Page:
They eye each other for a long moment before Dean snaps back to himself. "Dad, this is Cassie," he says; "Cassie, this is my dad, John Winchester." John's eyebrows go up, disappear under his mop of hair, and he seems more surprised now than when he first saw you joined at the hip with Dean.

"Good to meet you, Cassie," he says, and his eyes are dark versions of his son's, wide and bright and framed by a thick tangle of lashes, and the burr in his voice, that raspy rumble, will be in Dean's in another twenty years. You smile and his face goes thoughtful, and he nods at you and Dean to sit. He looks Dean over carefully, inch by inch, but you're the one he speaks to. "So," he says, ignoring the dark hurt purpling Dean's cheekbone, "you already trying to whip my boy's wardrobe into shape?" He grins, and he evidently means to be jocular, but all you hear is a warning.

Something is telling you to tread carefully. "No," you say and stop, unsure of what's going on.

"I'm just borrowing it until we get to Rick's," Dean explains easily, keeping you tucked warm against his side.

"Rick told me you haven't been sticking around much," John says, his gaze shifting to you.

"No," Dean agrees. "Had a job to do and a girl to see," he says, giving you a slight squeeze in time with the cadence of his voice.

"Job's done, then?" John asks, and even though Dean is still relaxed beneath your hand and nods casually, you're sure you heard a challenge in that question. John just sits back and brings his cast up to rest on the stone table between you, scratching at his beard with his good hand. Silence stretches out between them, an old and familiar friend, you're sure, if John always denies with his eyes what he says with his mouth. Dean has his arm around you, his gaze on his dad, and a smile on his face like this is close to all he's ever wanted. It must get to John, because after the sun sinks a little lower and gets a little redder, he pulls you and Dean in with a big, dimpled grin. "Right," he says, finally sounding sincere, "time for me to get back to Rick's. You two coming?"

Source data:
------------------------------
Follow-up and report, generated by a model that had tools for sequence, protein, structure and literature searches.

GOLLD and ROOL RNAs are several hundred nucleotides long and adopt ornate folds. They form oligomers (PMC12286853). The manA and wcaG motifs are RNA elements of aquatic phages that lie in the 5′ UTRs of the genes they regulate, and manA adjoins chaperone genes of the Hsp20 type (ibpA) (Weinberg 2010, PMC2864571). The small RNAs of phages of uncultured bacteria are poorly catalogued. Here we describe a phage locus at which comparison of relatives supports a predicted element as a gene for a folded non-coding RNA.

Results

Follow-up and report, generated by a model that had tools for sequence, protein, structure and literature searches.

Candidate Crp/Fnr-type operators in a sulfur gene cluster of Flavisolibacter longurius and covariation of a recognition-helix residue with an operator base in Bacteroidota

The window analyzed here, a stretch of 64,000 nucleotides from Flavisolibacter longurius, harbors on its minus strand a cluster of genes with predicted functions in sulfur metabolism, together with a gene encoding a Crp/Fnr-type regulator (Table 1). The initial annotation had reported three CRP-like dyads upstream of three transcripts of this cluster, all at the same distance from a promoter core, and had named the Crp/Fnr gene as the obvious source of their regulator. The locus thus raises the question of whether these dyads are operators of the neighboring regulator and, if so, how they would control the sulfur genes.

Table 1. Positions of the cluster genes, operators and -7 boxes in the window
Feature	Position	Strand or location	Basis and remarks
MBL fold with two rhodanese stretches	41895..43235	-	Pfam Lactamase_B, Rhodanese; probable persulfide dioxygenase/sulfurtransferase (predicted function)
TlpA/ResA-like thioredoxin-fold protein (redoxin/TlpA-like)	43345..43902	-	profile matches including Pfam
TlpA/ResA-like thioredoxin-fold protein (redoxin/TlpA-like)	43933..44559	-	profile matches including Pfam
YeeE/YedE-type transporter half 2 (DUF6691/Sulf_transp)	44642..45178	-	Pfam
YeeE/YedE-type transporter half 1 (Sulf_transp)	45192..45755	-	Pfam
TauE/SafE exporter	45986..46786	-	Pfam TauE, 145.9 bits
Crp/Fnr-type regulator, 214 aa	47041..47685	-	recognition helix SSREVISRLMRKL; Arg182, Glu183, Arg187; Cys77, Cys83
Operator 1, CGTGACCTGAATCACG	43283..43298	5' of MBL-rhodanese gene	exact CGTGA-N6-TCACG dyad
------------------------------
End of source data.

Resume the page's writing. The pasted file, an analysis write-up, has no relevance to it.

Dean quirks his eyebrow at you to ask how you're doing for time. You're already late. You shake your head, make yourself smile, and stand. "We need to get going," you explain; "it was nice meeting you." Dean beams his approval and your smile stops feeling so fake.

He waits until his dad's marching off before wheeling you around and heading in the opposite direction. "Think you're pretty sneaky, don't you? Getting me all dressed up to meet your friends," he murmurs into your hair. "I'll get you," he promises, and you can hardly wait.

The girls are all clustered at the bar when you and Dean walk in. You make the introductions, and he smiles and nods genially, one arm draped over your shoulders. Lynn is the one who draws him out, chatting easily, doing most of the talking, as usual, with her dark hands. It looks like she's telling him of her misadventures through Europe last spring, but you can't hear a word she says because Jenna pulls you into a huddle with Amy and Kami, and demands, "How long?"


"How long have you been with that sexass?" Amy clarifies.

"Couple days," you say, rounding down to forestall the interrogation. "Plus I was away most of last week. What's been going on with you guys?" You know you're not going to get away with it, but a respite for tonight is all you're looking for.

"He treating you right?" Kami asks bluntly.

"Yeah," you say, and the conversation turns. Amy's little sister is coming for a visit at the end of next week. Jenna wants to hear all about the conference. As you're filling them in, Lynn and Dean drift back toward you.

Kami must have been waiting for Lynn to return before she shared her news. She finally came out to her parents. "Oh, Kam," you say as the four of you move to hold her close in a tangle of arms. "What'd they say?"